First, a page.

Microsoft 365 represents a combination of Office 365, Windows 10 and Enterprise Mobility offerings – providing the most complete set of SaaS technologies that Microsoft has to offer. With Microsoft 365, organizations can deploy a complete solution encompassing both devices and applications, along with applying security and compliance policies to protect the entire suite.
This course will help you as you plan your migration of users and data to Microsoft 365, including planning your identity and authentication solution, and the on-premises infrastructure needed to support your migration. We’ll also help you understand and identify your business requirements and use cases, to help drive your decision-making process when planning to transition your infrastructure to the Microsoft cloud. We’ll spend some time focusing on networking and discuss some of the networking decisions that need to be made to ensure an optimal migration experience, as well as the best experience for your users after migration.
This course will also help you to identify which data needs to be migrated to the cloud, and what the best migration method will be based on your scenario – we’re also going to cover the different types of user identities, how your users will authenticate, and how that’s going to affect your migration planning.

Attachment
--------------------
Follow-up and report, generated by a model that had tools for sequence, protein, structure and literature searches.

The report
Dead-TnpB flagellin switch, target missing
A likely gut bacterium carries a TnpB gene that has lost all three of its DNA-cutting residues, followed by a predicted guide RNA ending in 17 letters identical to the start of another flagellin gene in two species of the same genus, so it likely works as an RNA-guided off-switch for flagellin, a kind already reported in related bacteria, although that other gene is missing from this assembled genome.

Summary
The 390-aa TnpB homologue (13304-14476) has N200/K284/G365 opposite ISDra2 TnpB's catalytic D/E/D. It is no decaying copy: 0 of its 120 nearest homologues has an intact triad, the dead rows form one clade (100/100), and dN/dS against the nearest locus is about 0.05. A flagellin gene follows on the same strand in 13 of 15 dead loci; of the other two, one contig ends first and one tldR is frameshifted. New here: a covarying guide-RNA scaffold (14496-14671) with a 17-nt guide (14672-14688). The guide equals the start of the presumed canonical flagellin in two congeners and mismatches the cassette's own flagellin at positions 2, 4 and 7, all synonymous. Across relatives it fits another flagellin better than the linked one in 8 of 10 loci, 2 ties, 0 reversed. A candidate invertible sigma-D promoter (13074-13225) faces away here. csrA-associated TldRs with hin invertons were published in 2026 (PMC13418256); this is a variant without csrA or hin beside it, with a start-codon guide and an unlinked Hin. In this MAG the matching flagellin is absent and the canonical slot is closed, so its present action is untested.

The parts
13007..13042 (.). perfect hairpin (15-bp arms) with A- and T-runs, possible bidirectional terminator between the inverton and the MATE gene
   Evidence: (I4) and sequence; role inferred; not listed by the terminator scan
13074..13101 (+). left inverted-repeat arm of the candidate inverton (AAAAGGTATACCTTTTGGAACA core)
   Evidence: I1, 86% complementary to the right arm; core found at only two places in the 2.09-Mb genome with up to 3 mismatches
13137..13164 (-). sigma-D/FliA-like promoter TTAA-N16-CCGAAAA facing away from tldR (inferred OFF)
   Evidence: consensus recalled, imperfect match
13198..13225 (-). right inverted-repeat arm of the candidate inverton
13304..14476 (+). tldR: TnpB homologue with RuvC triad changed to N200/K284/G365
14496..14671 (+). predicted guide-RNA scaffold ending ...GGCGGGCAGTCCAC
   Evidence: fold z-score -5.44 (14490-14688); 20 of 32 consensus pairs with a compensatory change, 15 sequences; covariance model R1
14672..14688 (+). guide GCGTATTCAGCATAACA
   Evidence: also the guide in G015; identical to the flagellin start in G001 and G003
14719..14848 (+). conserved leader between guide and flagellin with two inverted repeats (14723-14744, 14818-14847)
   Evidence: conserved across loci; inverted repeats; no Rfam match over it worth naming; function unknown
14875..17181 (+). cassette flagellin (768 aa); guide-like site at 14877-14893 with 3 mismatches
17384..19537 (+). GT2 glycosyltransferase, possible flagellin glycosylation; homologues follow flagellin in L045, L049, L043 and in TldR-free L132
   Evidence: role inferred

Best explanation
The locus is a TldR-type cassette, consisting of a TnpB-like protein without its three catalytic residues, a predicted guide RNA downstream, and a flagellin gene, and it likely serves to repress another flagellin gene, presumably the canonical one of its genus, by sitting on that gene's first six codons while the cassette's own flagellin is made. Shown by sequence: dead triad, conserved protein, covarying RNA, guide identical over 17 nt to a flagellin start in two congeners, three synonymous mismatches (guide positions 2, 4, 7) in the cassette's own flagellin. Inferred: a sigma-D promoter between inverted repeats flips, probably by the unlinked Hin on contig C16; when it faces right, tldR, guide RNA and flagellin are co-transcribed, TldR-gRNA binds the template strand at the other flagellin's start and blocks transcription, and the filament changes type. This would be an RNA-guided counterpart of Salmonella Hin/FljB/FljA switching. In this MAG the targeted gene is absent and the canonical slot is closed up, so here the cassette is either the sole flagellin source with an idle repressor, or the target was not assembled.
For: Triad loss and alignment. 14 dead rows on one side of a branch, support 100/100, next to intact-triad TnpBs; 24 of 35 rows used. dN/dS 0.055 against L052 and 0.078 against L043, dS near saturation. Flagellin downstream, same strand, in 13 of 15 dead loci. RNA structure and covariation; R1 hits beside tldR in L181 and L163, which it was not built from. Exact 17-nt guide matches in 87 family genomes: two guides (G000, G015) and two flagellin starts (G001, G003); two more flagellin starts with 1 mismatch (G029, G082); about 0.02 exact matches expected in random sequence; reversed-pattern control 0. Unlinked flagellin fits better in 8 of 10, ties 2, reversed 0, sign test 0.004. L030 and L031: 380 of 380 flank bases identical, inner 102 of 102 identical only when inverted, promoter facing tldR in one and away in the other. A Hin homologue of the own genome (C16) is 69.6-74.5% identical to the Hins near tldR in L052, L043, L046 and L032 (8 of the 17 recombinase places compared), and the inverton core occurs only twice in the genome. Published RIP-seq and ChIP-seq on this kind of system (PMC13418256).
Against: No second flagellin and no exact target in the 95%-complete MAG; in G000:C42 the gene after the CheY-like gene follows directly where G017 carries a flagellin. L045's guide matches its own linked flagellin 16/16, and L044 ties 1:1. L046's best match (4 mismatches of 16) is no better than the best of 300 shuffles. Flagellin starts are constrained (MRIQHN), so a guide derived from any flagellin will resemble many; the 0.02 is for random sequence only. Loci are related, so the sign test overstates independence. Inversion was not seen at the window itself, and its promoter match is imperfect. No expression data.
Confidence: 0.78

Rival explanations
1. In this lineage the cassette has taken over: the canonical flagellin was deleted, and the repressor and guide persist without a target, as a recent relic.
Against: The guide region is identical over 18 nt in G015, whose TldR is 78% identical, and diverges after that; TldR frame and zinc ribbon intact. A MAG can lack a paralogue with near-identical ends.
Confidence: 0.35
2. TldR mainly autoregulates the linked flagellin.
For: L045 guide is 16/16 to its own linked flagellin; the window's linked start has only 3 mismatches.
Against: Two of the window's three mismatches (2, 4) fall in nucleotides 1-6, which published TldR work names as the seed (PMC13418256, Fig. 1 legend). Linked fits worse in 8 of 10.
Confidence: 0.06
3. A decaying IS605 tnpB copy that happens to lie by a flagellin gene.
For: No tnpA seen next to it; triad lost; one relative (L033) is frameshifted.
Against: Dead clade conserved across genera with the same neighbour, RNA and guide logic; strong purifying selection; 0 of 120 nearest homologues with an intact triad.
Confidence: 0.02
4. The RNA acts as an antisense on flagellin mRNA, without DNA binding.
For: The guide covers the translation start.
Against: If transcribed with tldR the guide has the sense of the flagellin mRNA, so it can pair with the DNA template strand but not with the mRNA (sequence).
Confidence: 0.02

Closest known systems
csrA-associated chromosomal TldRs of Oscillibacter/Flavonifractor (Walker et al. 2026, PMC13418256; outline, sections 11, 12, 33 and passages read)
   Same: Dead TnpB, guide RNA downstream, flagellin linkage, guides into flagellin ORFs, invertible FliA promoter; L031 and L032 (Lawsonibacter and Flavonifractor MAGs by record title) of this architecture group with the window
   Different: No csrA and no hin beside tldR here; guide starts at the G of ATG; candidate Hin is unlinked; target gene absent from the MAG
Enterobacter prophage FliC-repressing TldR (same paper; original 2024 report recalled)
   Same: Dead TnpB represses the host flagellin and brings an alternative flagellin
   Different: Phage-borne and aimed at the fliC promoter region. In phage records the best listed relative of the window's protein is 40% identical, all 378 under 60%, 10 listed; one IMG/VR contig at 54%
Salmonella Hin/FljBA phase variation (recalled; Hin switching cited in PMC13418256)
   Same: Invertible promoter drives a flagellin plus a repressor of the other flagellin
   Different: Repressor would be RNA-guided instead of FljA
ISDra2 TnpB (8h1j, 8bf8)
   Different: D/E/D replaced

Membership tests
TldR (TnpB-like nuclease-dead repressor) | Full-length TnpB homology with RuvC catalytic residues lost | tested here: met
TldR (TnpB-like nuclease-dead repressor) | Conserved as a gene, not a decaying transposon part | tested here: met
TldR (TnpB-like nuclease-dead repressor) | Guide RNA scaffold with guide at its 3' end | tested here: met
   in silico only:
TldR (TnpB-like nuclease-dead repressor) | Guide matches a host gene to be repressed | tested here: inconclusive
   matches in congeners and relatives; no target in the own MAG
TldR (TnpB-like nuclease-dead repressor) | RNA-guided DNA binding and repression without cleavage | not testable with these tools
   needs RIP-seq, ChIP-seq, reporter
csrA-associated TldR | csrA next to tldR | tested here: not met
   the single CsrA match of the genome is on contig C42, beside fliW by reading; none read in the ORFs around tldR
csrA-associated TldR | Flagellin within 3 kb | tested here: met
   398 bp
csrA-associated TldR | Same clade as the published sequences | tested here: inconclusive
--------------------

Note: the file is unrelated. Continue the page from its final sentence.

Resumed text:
In addition to talking about these different components, we’re also going to run through a few demos – showing you some of the practical steps involved, along with some tips and tricks we’ve picked up along the way.
By the end of this course, you should be able to:
- Plan a Microsoft 365 Implementation, including the supporting infrastructure
- Plan your identity and authentication solution, both on-premises and in the cloud
- Identify your users, data, and mailboxes to be migrated to Microsoft 365
- Plan the migration of your groups and user data to Microsoft 365
This course is intended for people who:
- Want to become a Microsoft 365 administrator
- Are preparing to take the Microsoft’s MS-100 exam
To get the most from this course, you should have a general understanding of networking & server administration as well as IT fundamentals such as DNS, Active Directory and PowerShell.
As has already been mentioned, you have a fair amount of flexibility when deciding which subscriptions and features you're gonna use in Microsoft 365. It's important to understand what your business and user requirements are in order to make sure that you've enabled the services that you need, without over provisioning and costing your business unnecessary money. The way you do this is by making sure you have a clear picture of what your needs are.